Well, in light of recent conversations, I was like RED ALERT, and bustled my nosy butt outside to see what was up. Sure enough, a guy in his mid-to-late thirties had stopped his car, gotten out, and was now following a girl down the street. And when I say a girl, I mean a teenager.

Now, I’m brave and stuff, but this guy had shown himself willing to go so far outside the socially acceptable boundaries of behavior that I was pretty sure if I called him on this he wouldn’t take it well, and I was weighing my options when, like an angel of mercy and goodness, a parking enforcement officer came rolling up and she got out. First she saw me and was like, “Is this your car?”

And I was like, “It belongs to that guy down the street hassling that girl.”

And bless this woman’s heart, she gave this great eyebrow and was like, “EXCUSE ME SIR, UNLESS YOU WANT A $75 TICKET I SUGGEST YOU MOVE.”

I will give him credit for balls of steel, because he actually said, “Hold on one minute, I’m talking to my friend,” which, NOPE.

Fortunately the officer is like, “Sure, I’ll wait a minute, and in the meantime I’ll be writing you this ticket.”

So the dude goes grumbling back to his car, and of course he can’t park it anywhere nearby, so he drives off. In the meantime, I ask the girl if she wants to come inside for a minute to make sure the dude left, which she did, and sure enough DUDE CIRCLED AROUND THE BLOCK LOOKING FOR HER (I watched him while the girl was inside getting acquainted with my dog) before taking off. The girl is 18, she didn’t know the guy, and the whole time I was driving her to her brother’s house she kept trying to figure out what she’d done wrong.

Not all men harass women. But all women - and girls - are harassed by men.

 

Saturday, April 12, 2014
Go ahead and continue sexualizing American Indian and First Nations Women …It’s not like they are 2.5 times more likely to be sexually assaulted than other women living in the United States.
“Over the past decade, federal government studies have consistently shown that American Indian and Alaska Native women experience much higher levels of sexual violence than other women in the USA. Data gathered by the US Department of Justice indicates that Native American and Alaska Native women are more than 2.5 times more likely to be raped or sexually assaulted than women in the USA in general. A US Department of Justice study on violence against women concluded that 34.1 per cent of American Indian and Alaska Native women – or more than one in three – will be raped during their lifetime; the comparable figure for the USA as a whole is less than one in five. Shocking though these statistics are, it is widely believed that they do not accurately portray the extent of sexual violence against Native American and Alaska Native women.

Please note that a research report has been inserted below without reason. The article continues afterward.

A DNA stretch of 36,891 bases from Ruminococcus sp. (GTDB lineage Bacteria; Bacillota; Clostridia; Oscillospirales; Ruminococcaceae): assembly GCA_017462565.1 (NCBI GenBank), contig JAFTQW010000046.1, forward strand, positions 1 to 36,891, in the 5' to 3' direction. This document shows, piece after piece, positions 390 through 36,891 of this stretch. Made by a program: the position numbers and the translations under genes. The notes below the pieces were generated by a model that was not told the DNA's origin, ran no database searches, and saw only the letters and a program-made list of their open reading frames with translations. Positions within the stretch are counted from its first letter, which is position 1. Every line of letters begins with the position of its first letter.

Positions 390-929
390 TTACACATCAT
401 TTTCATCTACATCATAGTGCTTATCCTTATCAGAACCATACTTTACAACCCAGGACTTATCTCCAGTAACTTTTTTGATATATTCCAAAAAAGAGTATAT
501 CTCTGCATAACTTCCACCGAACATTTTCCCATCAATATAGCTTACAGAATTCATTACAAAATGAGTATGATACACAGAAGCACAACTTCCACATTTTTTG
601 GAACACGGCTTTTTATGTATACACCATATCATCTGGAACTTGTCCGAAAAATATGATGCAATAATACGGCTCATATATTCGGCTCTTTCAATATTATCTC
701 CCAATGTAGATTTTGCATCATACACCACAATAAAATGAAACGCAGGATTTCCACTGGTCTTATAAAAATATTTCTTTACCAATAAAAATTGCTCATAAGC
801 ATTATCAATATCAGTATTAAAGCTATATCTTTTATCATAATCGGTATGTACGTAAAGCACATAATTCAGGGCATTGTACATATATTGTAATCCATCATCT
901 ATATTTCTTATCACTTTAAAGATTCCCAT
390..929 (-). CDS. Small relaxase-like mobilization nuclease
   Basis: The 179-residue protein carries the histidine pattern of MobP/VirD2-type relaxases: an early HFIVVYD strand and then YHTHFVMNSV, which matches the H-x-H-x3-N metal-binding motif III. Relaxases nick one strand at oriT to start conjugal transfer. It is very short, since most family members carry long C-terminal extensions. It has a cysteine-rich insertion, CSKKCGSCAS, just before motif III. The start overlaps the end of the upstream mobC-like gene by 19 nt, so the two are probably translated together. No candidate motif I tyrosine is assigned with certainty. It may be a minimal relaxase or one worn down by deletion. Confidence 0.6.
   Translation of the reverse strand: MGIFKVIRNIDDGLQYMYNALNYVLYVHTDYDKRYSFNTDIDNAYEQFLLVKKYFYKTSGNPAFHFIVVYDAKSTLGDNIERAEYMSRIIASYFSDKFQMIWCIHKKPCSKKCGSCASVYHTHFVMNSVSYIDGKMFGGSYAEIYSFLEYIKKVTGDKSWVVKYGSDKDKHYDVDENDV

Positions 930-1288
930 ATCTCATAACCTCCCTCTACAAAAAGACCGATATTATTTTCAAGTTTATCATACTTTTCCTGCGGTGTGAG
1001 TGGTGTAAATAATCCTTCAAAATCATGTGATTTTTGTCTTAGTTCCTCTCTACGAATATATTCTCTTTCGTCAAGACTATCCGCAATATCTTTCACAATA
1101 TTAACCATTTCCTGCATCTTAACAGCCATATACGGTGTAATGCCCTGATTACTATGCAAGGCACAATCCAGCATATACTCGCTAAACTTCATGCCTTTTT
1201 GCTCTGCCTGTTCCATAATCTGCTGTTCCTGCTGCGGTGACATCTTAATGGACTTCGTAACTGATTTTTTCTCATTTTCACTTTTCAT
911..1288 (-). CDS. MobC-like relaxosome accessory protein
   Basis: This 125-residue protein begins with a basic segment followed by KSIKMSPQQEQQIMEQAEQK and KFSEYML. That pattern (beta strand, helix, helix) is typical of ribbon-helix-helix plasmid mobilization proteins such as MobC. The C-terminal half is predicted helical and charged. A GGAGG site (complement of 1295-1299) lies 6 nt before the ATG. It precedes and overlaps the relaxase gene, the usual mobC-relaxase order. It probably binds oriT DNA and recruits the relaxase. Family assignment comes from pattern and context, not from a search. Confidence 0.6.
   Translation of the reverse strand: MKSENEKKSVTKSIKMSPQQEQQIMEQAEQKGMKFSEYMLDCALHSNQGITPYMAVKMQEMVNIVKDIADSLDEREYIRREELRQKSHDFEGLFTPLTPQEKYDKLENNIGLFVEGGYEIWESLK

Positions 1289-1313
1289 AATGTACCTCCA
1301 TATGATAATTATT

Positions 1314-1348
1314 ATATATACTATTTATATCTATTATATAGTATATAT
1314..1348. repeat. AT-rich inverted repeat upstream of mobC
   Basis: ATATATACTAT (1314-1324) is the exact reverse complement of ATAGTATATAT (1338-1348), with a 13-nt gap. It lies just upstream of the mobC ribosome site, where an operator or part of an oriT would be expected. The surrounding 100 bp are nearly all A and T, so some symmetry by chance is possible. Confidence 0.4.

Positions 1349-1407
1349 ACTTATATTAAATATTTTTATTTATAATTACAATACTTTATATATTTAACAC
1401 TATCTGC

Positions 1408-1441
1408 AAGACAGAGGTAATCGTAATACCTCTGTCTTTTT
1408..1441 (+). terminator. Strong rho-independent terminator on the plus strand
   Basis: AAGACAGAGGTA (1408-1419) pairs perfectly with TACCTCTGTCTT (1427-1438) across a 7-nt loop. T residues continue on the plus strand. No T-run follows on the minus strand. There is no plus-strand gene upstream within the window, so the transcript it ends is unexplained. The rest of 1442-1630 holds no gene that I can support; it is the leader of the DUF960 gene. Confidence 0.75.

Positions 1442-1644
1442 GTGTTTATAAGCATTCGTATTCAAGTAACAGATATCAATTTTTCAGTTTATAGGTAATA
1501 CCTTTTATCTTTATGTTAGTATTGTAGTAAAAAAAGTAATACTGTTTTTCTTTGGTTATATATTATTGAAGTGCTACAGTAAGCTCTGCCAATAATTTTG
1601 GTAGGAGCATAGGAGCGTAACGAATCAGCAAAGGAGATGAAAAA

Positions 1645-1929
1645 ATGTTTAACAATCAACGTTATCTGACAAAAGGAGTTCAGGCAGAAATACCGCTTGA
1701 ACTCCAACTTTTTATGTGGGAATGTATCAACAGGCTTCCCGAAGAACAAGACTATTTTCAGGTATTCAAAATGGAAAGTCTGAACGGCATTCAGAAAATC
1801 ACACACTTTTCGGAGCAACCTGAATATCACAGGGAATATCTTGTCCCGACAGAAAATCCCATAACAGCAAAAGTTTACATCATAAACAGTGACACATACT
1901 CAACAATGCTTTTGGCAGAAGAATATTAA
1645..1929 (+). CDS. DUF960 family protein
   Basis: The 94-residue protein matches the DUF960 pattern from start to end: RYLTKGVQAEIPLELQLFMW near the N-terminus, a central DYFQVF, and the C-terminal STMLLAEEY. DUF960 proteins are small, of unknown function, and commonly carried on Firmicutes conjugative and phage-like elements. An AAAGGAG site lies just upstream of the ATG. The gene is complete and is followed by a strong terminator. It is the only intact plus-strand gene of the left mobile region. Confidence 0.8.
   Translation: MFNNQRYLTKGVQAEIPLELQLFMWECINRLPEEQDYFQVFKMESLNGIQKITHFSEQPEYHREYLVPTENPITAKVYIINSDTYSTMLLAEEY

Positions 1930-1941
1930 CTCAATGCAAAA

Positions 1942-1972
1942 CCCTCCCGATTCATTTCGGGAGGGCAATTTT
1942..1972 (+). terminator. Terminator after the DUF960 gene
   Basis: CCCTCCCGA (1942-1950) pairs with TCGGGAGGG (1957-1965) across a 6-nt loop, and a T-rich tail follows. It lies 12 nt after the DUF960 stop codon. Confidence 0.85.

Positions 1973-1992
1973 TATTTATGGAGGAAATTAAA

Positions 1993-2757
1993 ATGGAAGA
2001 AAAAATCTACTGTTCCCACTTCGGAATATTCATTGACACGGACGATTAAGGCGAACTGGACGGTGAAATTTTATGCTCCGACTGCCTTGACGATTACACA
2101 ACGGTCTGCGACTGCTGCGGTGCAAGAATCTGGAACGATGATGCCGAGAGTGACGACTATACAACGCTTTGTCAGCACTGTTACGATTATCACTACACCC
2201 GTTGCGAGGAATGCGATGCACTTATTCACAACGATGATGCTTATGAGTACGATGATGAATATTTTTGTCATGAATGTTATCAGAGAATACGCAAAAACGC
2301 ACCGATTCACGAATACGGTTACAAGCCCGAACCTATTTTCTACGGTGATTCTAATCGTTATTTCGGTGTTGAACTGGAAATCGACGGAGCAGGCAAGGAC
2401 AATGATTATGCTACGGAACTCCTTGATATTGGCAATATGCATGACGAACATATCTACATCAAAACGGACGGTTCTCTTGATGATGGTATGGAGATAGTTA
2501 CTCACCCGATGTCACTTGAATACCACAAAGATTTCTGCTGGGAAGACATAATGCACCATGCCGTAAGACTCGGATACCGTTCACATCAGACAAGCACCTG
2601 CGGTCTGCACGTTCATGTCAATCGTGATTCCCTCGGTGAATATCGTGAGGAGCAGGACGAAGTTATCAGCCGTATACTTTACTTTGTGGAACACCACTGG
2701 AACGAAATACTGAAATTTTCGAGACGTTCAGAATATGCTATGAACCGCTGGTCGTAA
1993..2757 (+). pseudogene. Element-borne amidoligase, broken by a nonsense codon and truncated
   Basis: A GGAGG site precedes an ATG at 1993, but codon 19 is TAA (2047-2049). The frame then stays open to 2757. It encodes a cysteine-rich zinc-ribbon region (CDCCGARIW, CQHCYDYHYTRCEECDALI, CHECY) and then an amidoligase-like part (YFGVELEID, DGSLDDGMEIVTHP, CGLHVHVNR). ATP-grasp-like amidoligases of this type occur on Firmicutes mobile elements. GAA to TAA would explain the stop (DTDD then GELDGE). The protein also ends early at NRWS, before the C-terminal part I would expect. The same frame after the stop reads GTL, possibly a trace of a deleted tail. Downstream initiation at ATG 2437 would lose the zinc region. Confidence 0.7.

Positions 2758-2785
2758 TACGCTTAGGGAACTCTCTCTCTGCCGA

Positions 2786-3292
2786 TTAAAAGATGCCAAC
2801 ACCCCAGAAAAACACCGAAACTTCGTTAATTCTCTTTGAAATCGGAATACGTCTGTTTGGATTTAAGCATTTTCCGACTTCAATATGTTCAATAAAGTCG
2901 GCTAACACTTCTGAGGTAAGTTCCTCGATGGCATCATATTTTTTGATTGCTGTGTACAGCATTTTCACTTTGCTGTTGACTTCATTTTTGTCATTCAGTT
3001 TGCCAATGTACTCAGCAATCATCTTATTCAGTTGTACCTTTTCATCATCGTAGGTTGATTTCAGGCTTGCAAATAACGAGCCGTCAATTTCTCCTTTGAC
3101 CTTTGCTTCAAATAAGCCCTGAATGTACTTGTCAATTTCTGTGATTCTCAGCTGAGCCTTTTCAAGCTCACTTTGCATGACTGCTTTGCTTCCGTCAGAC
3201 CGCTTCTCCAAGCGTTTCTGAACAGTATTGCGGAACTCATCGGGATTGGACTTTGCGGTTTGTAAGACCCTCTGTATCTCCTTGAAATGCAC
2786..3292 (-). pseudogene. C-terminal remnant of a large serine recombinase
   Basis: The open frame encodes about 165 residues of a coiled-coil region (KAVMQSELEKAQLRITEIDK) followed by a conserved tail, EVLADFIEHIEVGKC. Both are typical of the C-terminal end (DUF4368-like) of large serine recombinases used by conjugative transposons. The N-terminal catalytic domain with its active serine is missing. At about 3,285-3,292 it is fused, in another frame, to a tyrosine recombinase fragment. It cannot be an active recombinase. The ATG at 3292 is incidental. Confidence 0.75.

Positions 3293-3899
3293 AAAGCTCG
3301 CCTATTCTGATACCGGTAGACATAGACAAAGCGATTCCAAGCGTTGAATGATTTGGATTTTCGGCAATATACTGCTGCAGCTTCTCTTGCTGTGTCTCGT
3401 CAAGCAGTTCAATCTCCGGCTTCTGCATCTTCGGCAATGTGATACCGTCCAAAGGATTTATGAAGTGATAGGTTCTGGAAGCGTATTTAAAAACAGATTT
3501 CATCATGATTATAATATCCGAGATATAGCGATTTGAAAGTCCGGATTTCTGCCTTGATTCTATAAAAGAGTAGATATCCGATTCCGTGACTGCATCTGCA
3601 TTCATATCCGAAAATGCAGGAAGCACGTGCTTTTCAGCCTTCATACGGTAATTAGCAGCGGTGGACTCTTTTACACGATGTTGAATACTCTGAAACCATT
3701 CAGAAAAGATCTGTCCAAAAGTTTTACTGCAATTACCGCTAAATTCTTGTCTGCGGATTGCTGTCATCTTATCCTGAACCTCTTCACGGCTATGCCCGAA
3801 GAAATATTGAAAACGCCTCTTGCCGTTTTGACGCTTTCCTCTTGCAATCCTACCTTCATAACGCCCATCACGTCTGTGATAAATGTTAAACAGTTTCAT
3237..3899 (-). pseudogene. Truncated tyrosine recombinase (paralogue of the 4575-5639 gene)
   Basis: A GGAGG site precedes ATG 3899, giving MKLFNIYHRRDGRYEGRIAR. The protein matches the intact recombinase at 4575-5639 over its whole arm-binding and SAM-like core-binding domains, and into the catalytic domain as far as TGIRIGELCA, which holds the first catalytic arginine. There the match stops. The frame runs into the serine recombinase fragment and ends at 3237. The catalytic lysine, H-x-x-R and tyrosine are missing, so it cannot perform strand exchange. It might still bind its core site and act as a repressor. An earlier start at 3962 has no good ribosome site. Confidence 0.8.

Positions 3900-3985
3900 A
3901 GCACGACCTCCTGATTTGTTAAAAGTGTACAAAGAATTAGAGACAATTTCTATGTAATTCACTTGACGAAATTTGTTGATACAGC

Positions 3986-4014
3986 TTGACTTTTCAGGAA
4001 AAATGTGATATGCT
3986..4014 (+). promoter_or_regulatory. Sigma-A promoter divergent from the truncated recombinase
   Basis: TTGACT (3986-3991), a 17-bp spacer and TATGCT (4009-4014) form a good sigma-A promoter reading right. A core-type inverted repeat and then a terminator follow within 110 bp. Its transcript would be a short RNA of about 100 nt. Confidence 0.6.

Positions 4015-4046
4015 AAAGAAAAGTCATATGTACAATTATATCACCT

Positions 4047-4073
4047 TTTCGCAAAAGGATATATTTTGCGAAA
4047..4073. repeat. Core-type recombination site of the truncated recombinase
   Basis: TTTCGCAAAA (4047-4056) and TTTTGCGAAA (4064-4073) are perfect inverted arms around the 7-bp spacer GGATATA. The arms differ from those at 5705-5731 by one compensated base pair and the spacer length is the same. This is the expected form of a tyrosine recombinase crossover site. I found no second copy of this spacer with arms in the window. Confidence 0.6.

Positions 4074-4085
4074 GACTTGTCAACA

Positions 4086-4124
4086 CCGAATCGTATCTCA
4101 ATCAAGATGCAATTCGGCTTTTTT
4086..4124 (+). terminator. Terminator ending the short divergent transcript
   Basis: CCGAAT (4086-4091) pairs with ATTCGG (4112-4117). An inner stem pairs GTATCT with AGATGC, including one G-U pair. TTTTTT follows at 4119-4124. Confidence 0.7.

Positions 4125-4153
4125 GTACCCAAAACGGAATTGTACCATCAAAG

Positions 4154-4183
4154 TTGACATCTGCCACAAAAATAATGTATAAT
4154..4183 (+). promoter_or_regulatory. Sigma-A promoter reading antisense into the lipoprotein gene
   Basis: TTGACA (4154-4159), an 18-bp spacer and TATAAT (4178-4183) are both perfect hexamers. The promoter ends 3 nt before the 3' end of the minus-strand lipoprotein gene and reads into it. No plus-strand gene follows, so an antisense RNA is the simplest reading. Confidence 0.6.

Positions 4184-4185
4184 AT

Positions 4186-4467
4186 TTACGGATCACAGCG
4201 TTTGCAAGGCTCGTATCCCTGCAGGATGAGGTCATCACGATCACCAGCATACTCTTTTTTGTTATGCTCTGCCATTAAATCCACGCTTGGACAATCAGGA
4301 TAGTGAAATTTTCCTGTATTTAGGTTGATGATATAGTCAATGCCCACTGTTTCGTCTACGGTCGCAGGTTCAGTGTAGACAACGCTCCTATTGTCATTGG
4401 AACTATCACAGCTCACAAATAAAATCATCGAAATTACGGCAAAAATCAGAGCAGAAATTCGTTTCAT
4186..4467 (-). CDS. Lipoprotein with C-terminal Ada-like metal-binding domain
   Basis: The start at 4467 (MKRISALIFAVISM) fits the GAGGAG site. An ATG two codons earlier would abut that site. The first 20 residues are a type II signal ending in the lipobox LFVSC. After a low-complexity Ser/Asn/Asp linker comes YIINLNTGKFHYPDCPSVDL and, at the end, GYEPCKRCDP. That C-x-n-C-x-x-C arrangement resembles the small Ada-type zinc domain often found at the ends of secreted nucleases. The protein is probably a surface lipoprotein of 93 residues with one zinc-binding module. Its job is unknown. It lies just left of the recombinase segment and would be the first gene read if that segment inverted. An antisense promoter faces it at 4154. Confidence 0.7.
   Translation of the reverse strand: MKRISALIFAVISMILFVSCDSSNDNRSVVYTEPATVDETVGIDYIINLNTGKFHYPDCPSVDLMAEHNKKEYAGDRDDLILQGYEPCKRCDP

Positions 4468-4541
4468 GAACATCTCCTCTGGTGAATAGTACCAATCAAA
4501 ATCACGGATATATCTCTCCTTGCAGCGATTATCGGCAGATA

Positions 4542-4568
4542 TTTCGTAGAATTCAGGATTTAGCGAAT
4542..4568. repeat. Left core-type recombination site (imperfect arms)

Amnesty International’s interviews with survivors, activists and support workers across the USA suggest thatavailable statistics greatly underestimate the severity of the problem. In the Standing Rock Sioux Reservation, for example, many of the women who agreed to be interviewed could not think of any Native women within their community who had not been subjected to sexual violence.READ MORE»

Go ahead and continue sexualizing American Indian and First Nations Women …It’s not like they are 2.5 times more likely to be sexually assaulted than other women living in the United States.

“Over the past decade, federal government studies have consistently shown that American Indian and Alaska Native women experience much higher levels of sexual violence than other women in the USA. Data gathered by the US Department of Justice indicates that Native American and Alaska Native women are more than 2.5 times more likely to be raped or sexually assaulted than women in the USA in general. A US Department of Justice study on violence against women concluded that 34.1 per cent of American Indian and Alaska Native women – or more than one in three – will be raped during their lifetime; the comparable figure for the USA as a whole is less than one in five. Shocking though these statistics are, it is widely believed that they do not accurately portray the extent of sexual violence against Native American and Alaska Native women.

Amnesty International’s interviews with survivors, activists and support workers across the USA suggest thatavailable statistics greatly underestimate the severity of the problem. In the Standing Rock Sioux Reservation, for example, many of the women who agreed to be interviewed could not think of any Native women within their community who had not been subjected to sexual violence.READ MORE»